The European setting offers the potential for a different colour palette and the kind of intricate drawings reserved for the goblin market are employed here for castles and courtyards. The bonus materials offer a glimpse of the process involved in developing Courtney’s Euro-look (as well as the shaping of the characters who dominate the first half of the volume).
The first half of this volume is devoted to what Courtney initially believes to be a bedtime story, an archetypal tale of two brothers, two wolves. But this tale has more immediate relevance to the Crumrins’ European travels than Courtney comprehends.
The second half of the volume also explores enduring bonds, but not between brothers. Aloysius’s powers are revealed more completely and the sense of a legacy is presented (again in the context of someone else telling a story) for readers to contemplate.
The fourth Courtney Crumrin collection also considers a matter explored in earlier volumes, the fact that evil deeds are more often perpetrated by human beings, rather than by the creatures that humans villify.
This kind of ambiguity is also explored in volume five, which I have previously discussed here. In The Witch Next Door, Courtney relates to this conundrum :“I can’t even do good without doing evil as well.”
In the sixth volume, The Final Spell (Volume 6, Oni Press 2014), the action shifts out of Hillsborough. Courtney’s capacity for spellcasting has developed remarkably and as she grows, her power increases (she turned 13 in the last volume).
As such, she could be a powerful ally – or a serious threat. “You never know with witches. They are all mysteries at heart.”
Given her history with disappointment and betrayal, she must continue to rely upon her own skills, and her independent spirit blossoms. After the complications faced in the last volume, she continues to struggle with the question of whom to trust.
“Don’t wait till you’re on the run, or my age, before you realize you need friends,” an older woman advises. But without the support of her uncle Aloysius in this volume, Courtney has limited resources.
“It’s better to be lonely together,” suggests another outcast (and this concept resonates through another storyline as well, for had different choices been made, which protected rather than broke alliances, a happier ending would have been had).
This volume is standout in the series for a number of reasons, many of which are contained in the decision to move outward from the small magic-soaked community of Hillsborough. If there was a car in an earlier volume, it was parked or immobile; in this volume it is more often racing (and, sometimes, flying).
The afterword of the seventh volume tackles the difficulty which simmers beneath the sixth volume as well. “But every story has an end, and that’s always at least a little bit sad. When you love the people in the story, you don’t want to turn that last page. It takes some courage to face the prospect of saying goodbye. The more you love them, the braver you have to be.”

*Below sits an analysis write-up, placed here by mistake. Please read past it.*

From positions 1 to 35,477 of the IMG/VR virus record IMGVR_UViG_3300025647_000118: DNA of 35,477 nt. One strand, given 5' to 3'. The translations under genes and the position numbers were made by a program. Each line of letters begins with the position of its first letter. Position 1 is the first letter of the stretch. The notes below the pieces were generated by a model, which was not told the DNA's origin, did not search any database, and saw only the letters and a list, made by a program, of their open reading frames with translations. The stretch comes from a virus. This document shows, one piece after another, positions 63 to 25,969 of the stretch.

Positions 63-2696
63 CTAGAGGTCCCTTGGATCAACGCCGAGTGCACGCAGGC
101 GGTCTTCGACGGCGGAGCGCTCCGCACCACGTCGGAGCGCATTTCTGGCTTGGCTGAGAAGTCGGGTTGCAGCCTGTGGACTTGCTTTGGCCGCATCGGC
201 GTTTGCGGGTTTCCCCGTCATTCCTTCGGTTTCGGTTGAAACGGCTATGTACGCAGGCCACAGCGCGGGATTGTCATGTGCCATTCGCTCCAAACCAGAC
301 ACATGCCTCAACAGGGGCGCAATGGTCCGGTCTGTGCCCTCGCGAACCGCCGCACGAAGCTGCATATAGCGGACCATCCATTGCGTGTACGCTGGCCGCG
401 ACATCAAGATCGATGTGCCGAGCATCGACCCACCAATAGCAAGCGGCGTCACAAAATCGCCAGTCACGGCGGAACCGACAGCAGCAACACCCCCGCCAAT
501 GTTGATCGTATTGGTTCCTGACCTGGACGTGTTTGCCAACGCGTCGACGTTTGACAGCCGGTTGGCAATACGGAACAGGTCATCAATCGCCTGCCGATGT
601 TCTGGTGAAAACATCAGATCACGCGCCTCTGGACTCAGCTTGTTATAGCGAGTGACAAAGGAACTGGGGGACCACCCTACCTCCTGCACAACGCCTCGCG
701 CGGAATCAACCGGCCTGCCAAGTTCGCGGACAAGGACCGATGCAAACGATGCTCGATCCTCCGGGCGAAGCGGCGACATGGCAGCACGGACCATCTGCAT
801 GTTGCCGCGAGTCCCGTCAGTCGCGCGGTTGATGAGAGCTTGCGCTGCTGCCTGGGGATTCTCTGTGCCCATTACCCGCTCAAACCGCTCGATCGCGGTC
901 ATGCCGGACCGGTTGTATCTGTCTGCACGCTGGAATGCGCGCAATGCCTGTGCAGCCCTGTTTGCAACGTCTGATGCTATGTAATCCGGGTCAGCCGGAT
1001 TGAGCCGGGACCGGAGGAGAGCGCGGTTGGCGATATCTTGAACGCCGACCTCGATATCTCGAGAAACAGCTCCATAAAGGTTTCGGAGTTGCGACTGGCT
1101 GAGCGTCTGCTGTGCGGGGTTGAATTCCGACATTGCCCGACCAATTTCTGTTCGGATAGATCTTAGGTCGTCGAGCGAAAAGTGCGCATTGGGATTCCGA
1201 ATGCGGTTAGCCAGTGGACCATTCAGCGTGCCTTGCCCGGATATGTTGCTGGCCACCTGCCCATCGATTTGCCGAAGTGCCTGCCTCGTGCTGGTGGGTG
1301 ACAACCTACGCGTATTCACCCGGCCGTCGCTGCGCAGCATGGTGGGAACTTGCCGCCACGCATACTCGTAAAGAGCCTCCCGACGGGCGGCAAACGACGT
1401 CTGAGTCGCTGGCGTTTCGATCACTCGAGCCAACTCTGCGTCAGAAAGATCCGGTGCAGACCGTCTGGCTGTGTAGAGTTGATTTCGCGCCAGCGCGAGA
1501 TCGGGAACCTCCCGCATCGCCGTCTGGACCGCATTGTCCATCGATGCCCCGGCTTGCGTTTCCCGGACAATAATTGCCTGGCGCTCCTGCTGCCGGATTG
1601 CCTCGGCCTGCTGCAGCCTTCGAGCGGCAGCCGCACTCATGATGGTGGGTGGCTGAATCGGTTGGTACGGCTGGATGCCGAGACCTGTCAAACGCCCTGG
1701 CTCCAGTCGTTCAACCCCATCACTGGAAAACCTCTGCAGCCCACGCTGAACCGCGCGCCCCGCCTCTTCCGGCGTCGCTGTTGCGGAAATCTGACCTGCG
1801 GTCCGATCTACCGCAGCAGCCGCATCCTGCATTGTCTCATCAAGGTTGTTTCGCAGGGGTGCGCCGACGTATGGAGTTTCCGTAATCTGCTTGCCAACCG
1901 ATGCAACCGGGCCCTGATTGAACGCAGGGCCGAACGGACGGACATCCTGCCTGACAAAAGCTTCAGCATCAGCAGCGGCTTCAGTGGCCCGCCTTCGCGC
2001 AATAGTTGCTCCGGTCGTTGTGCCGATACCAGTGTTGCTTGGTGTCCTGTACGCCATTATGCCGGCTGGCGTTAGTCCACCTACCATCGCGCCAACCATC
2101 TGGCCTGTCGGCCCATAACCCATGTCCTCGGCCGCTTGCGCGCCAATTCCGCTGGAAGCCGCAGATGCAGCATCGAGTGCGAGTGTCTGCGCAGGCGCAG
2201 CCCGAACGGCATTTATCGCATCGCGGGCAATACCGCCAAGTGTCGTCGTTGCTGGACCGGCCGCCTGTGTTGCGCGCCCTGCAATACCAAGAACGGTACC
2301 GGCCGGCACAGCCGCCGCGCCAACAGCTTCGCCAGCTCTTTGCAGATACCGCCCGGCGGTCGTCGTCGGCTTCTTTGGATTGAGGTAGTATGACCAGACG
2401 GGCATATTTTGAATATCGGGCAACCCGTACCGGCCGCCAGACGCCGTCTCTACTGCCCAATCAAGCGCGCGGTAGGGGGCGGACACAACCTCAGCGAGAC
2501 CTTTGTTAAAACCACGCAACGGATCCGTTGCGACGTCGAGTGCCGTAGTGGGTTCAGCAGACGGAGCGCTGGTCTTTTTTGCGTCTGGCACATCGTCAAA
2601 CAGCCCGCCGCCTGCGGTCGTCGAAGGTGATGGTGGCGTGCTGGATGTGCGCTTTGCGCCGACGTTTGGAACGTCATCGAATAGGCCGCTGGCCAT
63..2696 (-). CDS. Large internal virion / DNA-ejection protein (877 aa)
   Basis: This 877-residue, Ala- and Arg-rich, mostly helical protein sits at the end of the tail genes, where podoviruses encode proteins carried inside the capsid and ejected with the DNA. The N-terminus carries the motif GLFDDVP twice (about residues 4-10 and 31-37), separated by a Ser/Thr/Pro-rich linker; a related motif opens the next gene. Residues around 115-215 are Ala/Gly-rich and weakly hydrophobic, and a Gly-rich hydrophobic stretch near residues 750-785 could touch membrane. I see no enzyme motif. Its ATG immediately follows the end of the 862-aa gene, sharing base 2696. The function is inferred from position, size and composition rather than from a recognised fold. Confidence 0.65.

In Tales of a Warlock (Volume 7, Oni Press 2015), the focus shifts significantly once more, into the past and into the younger lives of Alice Crisp and Aloysius Crumrin; the first of the two chapters is narrated by the former and the second by the latter.
There is more exposition than dialogue in this volume, and it will most likely appeal to those readers who enjoyed the world of Courtney Crumrin as much as they enjoyed Courtney (for, of course, at this point in the past, she is not even a shadow there).
Nonetheless, there have been brief glimpses into Aloysius’ past, in earlier volumes, and these chapters do echo some of the same themes (some recognizable characters do reappear and new characters are introduced to fill historical gaps).
Although a grown woman, Alice Crisp (an ancestor of Ms Crisp) embodies some of the most Courtney-ish qualities and because she, too, is a misfit in her own way (longing to reach beyond the conventional behaviours of a woman in that time), she, too, soon develops a complicated relationship with Aloysius.
“To be quite honest, I’d liked Aloysius from the first. He was polite without being overly friendly, and didn’t assume he was smarter than I was, a rare courtesy among men his age.”
Alice’s father accepts her presence on the fringes of the Society (the Anti-Sorcery Society, and, yes, Alice and Aloysius do comment on the unfortunate acronym), but he is more likely to dismiss her as a silly girl with foolish notions than to put her to work.
“Whatever I or my father had told ourselves, that we were decent folk fighting for the greater good…we really just wanted to see magic.”
But the line between spellcasting and belief grows murky, as the dreams and desires of humankind grow more complicated.
Even though the characters are much older than the cast of the early volumes in the series, familiar issues arise (questions of identity, conflicting needs of the individual and society, the loneliness of one who consistently strives to “do right”).
Tales of a Warlock does echo elements of the series’ earlier volumes, but its themes are more likely to appeal to readers who are willing to engage in the narratives of old folks (over 18) and, yet, paradoxically, the more adult elements of the story are described in the simplest terms so that younger readers can still relate on a basic level.
As an offering to those readers who weren’t ready to say goodbye, the seventh volume serves a purpose. and it succeeds on many levels. But I suspect that the younger readers will want more of what most appealed to them (i.e. Courtney) and the older ones will want more detail and context to allow the historical and emotional elements of the older characters’ storylines to truly resonate.
In short, the best answer to not have to say goodbye to Courtney Crumrin is to reread this excellent series.
Note: All the images snipped here are from the first four volumes of the series to avoid spoilers (even so far as who appears in them and who does not).